If someone asks a question, a standard of proof is the level of evidence needed to provide them with an answer.
For example, Bob asks Tom: “Is there a dog on the sidewalk?” and Tom says: “Yes. The neighbors are walking their dog, Spot.”
If Bob believes Tom, then his standard of proof was Tom’s word. All he needs from Tom is his promise that he is telling the truth. In fact, all Bob really needs is for Tom to tell him something for him to believe it.
However, if Bob asks Tom the same question, but demands photographic evidence of his claims, then his standard of proof has risen. Tom has to exert more effort to prove the same thing he is claiming.
Bob’s standard of proof increases even more if he demands video evidence or a spreadsheet of how often the neighbors walk their dog during the week. He may even demand that Tom gives him research from a third party if he doesn’t trust him.
Epistemology is the branch of philosophy that wants to answer the question: “How do we know what we know?” Identical questions are: “What is knowledge?” “When do we know something?” and “How sure is sure enough”?
Anyone who has played the Why Game was engaging in epistemology. The Why Game is simply asking someone a question and then asking them “why?” over and over again. The person always has another question to answer, and so the game is a way of being a nuisance. Philosophers play the Why Game in epistemology, and the game ends in three ways:
1. They arrive at a claim that can’t be proven, but it is true. (Foundationalism)
2. They prove the most recent claim using the first. (Coherentism/Circular Reasoning)
3. They go on forever. (Infinitism)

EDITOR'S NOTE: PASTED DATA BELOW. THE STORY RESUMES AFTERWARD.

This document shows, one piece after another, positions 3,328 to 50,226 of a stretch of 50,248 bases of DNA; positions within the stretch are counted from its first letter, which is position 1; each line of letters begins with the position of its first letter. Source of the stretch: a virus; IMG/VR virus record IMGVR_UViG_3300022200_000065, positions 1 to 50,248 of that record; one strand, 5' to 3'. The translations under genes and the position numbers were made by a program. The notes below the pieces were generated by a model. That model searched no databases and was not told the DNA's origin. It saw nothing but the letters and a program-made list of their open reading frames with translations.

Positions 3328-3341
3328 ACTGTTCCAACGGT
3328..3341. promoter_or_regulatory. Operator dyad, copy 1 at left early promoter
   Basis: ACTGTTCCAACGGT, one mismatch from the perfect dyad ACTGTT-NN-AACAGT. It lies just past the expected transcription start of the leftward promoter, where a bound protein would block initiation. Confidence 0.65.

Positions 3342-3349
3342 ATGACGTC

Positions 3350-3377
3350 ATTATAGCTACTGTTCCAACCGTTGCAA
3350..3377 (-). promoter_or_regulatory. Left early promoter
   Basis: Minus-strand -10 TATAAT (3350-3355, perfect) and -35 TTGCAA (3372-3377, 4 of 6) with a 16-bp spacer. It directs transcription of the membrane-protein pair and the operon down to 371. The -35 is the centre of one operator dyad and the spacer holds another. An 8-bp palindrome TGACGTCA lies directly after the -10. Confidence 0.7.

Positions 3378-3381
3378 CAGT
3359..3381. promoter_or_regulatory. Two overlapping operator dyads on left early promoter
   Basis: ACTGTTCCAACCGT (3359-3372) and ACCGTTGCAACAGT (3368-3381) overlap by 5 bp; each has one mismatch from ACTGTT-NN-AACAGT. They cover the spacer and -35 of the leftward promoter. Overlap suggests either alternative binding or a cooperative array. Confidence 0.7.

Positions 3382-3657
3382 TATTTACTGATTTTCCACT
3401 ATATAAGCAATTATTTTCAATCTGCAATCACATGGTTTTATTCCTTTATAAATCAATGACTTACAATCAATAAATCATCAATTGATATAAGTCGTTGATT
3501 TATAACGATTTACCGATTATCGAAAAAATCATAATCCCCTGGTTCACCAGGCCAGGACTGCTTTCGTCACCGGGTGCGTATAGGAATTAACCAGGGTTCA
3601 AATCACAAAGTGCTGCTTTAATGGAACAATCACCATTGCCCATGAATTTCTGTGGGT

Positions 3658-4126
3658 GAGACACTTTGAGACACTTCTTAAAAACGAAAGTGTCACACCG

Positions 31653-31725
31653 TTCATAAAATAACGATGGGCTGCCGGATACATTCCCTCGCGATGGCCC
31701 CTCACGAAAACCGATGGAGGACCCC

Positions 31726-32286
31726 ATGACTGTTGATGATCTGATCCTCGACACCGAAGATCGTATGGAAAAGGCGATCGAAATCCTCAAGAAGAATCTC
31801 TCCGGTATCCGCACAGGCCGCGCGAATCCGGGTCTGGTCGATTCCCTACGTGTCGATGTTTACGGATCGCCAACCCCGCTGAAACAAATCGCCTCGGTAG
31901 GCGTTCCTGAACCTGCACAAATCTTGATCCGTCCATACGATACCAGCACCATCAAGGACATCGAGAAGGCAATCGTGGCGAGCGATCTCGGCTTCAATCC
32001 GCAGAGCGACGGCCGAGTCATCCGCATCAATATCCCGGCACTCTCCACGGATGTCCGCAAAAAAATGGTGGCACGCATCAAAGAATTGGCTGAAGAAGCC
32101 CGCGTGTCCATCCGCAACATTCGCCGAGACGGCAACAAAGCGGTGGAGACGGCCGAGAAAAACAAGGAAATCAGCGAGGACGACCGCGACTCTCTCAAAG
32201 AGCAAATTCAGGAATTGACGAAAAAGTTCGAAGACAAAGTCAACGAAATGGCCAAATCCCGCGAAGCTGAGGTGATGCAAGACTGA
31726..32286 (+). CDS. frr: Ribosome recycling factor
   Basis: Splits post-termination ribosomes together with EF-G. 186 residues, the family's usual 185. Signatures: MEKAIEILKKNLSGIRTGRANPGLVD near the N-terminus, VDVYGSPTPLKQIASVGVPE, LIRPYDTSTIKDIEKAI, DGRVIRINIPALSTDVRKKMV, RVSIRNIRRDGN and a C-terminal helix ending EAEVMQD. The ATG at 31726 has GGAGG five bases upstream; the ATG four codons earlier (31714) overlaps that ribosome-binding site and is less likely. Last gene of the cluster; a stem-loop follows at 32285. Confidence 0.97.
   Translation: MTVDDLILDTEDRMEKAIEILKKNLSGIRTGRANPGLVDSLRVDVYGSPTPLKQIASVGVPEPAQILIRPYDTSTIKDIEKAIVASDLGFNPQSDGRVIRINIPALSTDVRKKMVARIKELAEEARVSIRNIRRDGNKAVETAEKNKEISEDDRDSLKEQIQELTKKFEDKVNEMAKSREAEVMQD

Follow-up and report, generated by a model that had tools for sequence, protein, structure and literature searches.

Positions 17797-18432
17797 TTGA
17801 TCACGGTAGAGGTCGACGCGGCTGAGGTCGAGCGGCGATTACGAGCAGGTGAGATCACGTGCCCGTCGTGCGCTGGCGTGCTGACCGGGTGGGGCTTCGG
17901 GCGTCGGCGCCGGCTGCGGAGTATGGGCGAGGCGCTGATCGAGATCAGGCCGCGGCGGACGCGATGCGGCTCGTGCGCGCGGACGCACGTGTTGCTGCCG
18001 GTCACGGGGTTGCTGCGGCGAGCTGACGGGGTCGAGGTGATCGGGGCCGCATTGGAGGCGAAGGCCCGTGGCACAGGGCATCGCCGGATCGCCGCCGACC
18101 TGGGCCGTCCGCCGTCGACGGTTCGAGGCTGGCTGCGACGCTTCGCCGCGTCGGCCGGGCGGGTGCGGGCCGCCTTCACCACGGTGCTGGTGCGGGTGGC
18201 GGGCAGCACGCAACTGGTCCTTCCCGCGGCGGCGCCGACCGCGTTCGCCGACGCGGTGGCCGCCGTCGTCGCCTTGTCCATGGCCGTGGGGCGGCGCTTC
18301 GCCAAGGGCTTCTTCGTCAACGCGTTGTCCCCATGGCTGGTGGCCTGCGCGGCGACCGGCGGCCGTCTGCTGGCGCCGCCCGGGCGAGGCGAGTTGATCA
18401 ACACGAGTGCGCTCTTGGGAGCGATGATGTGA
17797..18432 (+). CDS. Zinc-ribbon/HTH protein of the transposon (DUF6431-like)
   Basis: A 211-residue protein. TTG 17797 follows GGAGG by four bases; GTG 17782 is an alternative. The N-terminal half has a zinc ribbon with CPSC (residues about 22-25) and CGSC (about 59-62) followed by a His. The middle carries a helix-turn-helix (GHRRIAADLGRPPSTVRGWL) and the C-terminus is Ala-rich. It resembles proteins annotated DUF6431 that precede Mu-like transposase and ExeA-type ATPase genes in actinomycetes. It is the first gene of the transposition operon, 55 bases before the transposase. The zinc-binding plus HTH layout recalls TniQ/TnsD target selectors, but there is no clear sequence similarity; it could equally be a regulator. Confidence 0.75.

The third option, infinitism, fails to explain how people know anything, because it is just the game continuing. Nothing is explained.
The second option, coherentism, fails to explain how people know anything, because it is just circular reasoning. Circular reasoning is just restating a belief as a reason for it. This is an example of circular reasoning:
1. The Bible affirms that it is inerrant.
2. Whatever the Bible says is true.
3. Therefore, the Bible is inerrant.
The first option, foundationalism, explains how people know anything, but it requires a leap of faith to believe the unprovable claim.
There are many unprovable claims people believe. For example, the belief that I am alive is true, but unprovable. I simply experience it as true. So why should anyone trust these unprovable claims? Isn’t it the job of the philosopher to make logical arguments so that claims are proven beyond a shadow of a doubt?
The problem with this reasoning is that if the standard of proof is a logical argument, then there is no way to remove all doubt. For example, this argument is the basic structure for all logical arguments about the world outside one’s mind:
1. All swans seen thus far are white.
2. We should trust what we have seen in the past to predict what we will see in the future.
3. Therefore, the next swan will be white.
But this argument is doubtful, because the future sometimes surprises us with new evidence. Some swans are actually black. Even strict standards of proof can sometimes fail to account for new things, for every single argument about the world follows the above pattern. There is no way to remove all doubt if the standard of proof is a logical argument using real-world evidence, since evidence can be limited, fallible or forged.
So how do we know things? Alvin Plantinga and William Lane Craig are Reformed epistemologists who offer slightly different answers. Alvin Plantinga says that a belief has warrant if the following conditions are met:
According to Plantinga, a belief, B, is warranted if:
(1) the cognitive faculties involved in the production of B are functioning properly…; (2) your cognitive environment is sufficiently similar to the one for which your cognitive faculties are designed; (3) … the design plan governing the production of the belief in question involves, as purpose or function, the production of true beliefs…; and (4) the design plan is a good one: that is, there is a high statistical or objective probability that a belief produced in accordance with the relevant segment of the design plan in that sort of environment is true.
But this doesn’t address whether we are ever warranted in believing that his conditions are satisfied when we apply his criteria. Furthermore, why should we even believe in his criteria? One could always ask: “Why should we use your criteria, Plantinga?” So how does Plantinga respond to this objection? In his book, Warranted Christian Belief, Plantinga offers the following answer: